I actually talked about this album on my last radio show and boy did I mumble and stutter my way through it. Because it is difficult for someone like me (heterosexual privileged middle-class white girl) to talk about an experience that I could probably never think of having but that is the heart and soul of this album and rightfully so.
I mean, how cool is it, that Laura Jane Grace has the guts to take something so incredibly intimate and pour it out for the world to listen to and how cool is it that the rest of the band full-heartedly go with it and therefore make it a group-effort of balled up energy.
Because the album is just that, it’s very punkrock and reminded me (me being kind of a noob in that genre) of the Japandroids. A lot of energy rolled up in a short and sweet album that offers enough stylistic diversity to not feel redundant but still tightly knit enough not to feel like a hot mess. I was pleasantly surprised how fun it is to listen to the whole album and not just pick a cool song and go with that. And then you have those simply mind-blowing songs like “Unconditional Love” that channel the rowdy New York 70s of underground punk rock and the play with gender that those bands mastered.
I have unconditional love for this song…I know that theneedledrop hates it but as this is my first Against me!-album, I guess, I don’t have to despair over their band-history as a real long-term fan might. By the way, Anthony’s review is nevertheless quite interesting and I might finally warm up to him…I hate it when I lose another passionate and reasonless dislike for someone who doesn’t share my opinion.
For Laura Jane, it obviously wasn’t a game and that makes this album a lot more than just a fun little ditty. Sure, the lyrics are pretty straight forward but that’s just a mark of the genre. I could never claim to know how it felt for Laura Jane to feel so uncomfortable with her body and to feel so disconnected to it and to take that step to change physically to finally find symmetry emotionally, intellectually and physically. And that she talks about it even though this is probably incredibly annoying and repetitive by now because she feels that transgender people need more voices to know that they are not alone and that they can take that step to fully change to who they really are is pretty kick-ass.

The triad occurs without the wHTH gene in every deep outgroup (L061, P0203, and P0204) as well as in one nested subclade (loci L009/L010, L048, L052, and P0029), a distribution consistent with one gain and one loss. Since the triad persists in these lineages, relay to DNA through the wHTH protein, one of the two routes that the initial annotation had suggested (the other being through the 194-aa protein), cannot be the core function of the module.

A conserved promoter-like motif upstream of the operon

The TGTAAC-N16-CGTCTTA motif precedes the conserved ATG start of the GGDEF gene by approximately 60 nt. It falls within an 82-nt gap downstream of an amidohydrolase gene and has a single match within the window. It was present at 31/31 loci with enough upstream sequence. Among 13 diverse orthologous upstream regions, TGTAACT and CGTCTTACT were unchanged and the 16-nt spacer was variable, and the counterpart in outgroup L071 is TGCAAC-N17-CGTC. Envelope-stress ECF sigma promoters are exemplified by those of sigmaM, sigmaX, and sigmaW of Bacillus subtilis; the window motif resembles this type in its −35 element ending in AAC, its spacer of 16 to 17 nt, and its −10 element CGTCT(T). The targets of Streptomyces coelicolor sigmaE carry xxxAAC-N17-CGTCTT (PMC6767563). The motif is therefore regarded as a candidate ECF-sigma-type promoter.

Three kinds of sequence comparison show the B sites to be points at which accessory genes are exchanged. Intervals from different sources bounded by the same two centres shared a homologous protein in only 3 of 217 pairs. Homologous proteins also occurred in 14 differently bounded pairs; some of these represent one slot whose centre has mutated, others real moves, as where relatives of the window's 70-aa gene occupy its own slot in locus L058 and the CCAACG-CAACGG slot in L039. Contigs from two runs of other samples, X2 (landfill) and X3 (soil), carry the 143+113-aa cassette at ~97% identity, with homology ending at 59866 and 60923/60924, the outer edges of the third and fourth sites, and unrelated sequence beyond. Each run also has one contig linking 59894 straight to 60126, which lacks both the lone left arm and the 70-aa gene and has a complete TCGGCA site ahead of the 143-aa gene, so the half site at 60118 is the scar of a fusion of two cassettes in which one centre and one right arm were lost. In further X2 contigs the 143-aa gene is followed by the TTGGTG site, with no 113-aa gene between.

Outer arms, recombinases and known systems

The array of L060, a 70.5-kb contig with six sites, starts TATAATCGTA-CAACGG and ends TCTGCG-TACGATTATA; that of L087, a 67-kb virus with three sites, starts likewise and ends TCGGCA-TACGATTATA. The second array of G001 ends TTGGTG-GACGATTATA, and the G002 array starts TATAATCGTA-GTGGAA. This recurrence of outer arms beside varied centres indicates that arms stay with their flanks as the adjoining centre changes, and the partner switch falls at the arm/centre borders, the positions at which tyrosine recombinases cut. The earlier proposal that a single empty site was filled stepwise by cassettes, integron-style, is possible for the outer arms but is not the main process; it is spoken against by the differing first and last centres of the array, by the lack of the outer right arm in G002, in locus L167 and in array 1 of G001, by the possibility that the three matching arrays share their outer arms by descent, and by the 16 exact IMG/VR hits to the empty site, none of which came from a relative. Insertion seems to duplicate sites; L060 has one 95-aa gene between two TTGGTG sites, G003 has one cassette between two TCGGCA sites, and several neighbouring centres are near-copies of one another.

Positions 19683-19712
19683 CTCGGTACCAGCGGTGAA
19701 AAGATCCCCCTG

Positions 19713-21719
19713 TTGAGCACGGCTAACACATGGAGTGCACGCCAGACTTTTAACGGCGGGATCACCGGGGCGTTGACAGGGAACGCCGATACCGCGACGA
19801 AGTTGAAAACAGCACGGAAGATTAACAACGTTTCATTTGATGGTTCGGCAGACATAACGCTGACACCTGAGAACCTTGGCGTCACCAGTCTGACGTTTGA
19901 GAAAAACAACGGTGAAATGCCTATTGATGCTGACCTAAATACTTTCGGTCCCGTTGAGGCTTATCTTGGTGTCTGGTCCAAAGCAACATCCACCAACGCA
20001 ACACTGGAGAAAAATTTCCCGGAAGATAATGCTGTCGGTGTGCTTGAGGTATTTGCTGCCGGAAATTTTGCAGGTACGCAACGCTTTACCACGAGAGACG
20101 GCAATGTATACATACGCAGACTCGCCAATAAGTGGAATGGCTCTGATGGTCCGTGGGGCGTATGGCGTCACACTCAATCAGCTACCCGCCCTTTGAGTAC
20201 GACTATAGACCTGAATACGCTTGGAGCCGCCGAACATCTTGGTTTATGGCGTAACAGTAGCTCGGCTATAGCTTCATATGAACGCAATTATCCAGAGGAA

And I love that all this makes this already cool and exciting album even cooler because the support and power and the fact that they released this album on their own and on their own record – man, it’s just this cool album that kind of gives you this boost to get through whatever weighs you down. It’s always great to have music like this that surpasses the “fun fun alcohol fun”-themes and focuses on things that you can relate to on some level. And further than that, it gives you a glimpse on things that you maybe never thought you could relate to. Man, that’s what art is all about. And yes, it might not be the most experimental and edgy piece of punkrock but it is pretty impressive nevertheless.